Time Heals Nothing. Its What You Do With that Time, That Means Everything.
How to cope in the face of mounting global atrocities like the Las Vegas Shootings and Charlottesville.
“You will lose someone you can’t live without,and your heart will be badly broken, and the bad news is that you never completely get over the loss of your beloved. But this is also the good news. They live forever in your broken heart that doesn’t seal back up. And you come through.
It’s like having a broken leg that never heals perfectly — that still hurts when the weather gets cold, but you learn to dance with the limp.” — Anne Lamott
A sudden, accidental, unexpected or traumatic tragedy, like the mass shooting in Las Vegas now billed as, “the deadliest mass shooting in modern U.S. history, can “shatter” our world as we know it. It is often a loss that does not make sense. We realize that life is not always fair and that sometimes bad things happen to good people. These tragedies leave us feeling shaken, unsure and vulnerable.
A Traumatic death is one that is sudden, unanticipated, violent, mutilating or destructive, random or preventable, involves multiple deaths or one in which the mourner has a personal encounter with death.
I’ve personally experienced this type of death when my husband passed away suddenly (in the space of 3 hours) from a rare illness that no doctor could seemingly put a finger on (for an entire year afterwards). There is no time to say goodbye or even utter last words of comfort and reassurance.
This type of grief is gut-wrenching. Unlike an anticipated death there is no time to plan, and come to terms with the inevitable. Families and friends are suddenly forced to face the loss of a loved one instantaneously and without warning.
This type of loss can generate intense, complicated grief responses such as numbness and shock, anger, guilt, sudden depression, despair and hopelessness. Along with the tragic loss of a loved one, families and loved ones may experience concurrent crises and multiple secondary losses: lost income, loss of assets, loss of social status, in the case of widows and widowers.
The very fabric of the familial landscape is eroded. Families may be left in a state of disarray with a lingering sense of unease and vulnerability. Marital and other family relationships can also become strained as family-members come to terms with the tragedy.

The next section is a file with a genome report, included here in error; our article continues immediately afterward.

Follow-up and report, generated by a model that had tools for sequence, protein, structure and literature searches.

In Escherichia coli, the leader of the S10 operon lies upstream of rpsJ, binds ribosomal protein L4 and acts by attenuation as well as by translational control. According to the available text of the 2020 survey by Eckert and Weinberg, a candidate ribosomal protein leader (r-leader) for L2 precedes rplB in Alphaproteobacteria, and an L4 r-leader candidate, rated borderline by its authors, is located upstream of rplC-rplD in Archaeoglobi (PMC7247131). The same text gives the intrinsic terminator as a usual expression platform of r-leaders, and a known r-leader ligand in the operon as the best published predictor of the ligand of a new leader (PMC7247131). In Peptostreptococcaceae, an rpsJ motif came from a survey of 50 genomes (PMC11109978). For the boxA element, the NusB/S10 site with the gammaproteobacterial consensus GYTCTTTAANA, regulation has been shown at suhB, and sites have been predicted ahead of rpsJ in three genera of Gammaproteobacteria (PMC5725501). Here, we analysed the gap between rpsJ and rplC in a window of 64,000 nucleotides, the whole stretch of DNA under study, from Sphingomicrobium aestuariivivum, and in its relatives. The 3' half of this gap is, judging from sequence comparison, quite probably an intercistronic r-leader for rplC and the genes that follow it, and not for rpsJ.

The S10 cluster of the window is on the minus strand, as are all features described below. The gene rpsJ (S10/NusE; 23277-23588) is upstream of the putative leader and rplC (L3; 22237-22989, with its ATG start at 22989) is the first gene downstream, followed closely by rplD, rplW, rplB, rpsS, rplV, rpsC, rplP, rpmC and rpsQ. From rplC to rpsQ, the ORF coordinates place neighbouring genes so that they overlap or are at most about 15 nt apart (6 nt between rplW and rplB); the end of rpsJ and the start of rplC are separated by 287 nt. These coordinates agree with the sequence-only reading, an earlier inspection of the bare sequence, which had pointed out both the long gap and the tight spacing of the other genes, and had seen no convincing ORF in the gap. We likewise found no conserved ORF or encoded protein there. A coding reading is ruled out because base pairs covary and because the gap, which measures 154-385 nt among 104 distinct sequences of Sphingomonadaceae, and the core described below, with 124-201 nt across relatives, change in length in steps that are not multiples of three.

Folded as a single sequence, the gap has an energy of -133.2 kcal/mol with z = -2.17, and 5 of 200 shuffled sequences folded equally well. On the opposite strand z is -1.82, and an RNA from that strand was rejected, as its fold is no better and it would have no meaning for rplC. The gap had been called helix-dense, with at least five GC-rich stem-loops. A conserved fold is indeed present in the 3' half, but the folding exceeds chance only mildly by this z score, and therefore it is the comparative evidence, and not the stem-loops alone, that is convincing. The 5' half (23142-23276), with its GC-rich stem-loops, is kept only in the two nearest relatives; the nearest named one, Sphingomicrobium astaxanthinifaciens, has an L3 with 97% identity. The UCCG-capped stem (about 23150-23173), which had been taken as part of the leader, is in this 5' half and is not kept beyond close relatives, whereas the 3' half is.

When I later developed policies for clinical social workers working with families in the social welfare system, I learned that these tragedies have the potential to cause fallout that can last decades.
Amy Morin, Psychotherapist and author of the internationally acclaimed, bestselling book, 13 Things Mentally Strong People Don’t Do, offers the following advice for those trying to come to terms with their grief in these types of tragedies:
Time doesn’t heal anything.
It’s what you do with that time that determines the speed at which you heal. So it’s important to focus on self-care and to allow yourself plenty of time to grieve.
It’s tempting to try and rush through the grief process. But grief is the key to your healing.
Allow yourself to feel a wide range of emotions, like sadness, anger, and anxiety. Feeling uncomfortable emotions now can help you experience deeper positive emotions, like happiness and excitement, down the road.
When returning to work, it’s important to plan ahead.
Think about what would make it easier for you and be up front with your boss about the workplace can best support your efforts. Keep in mind that people may say or do things that are well-intentioned, but may not necessarily be helpful. Be forgiving when people seem a bit insensitive.
Entering the dating world after losing a spouse can be a bit complicated. It may stir up a lot of emotions for you so it’s important to take things slow. It can also be confusing for children. So it’s important not to introduce your child to anyone your dating unless you’re making long-term plans with someone. This can help your children avoid more losses in their lives in the event your relationships don’t work out.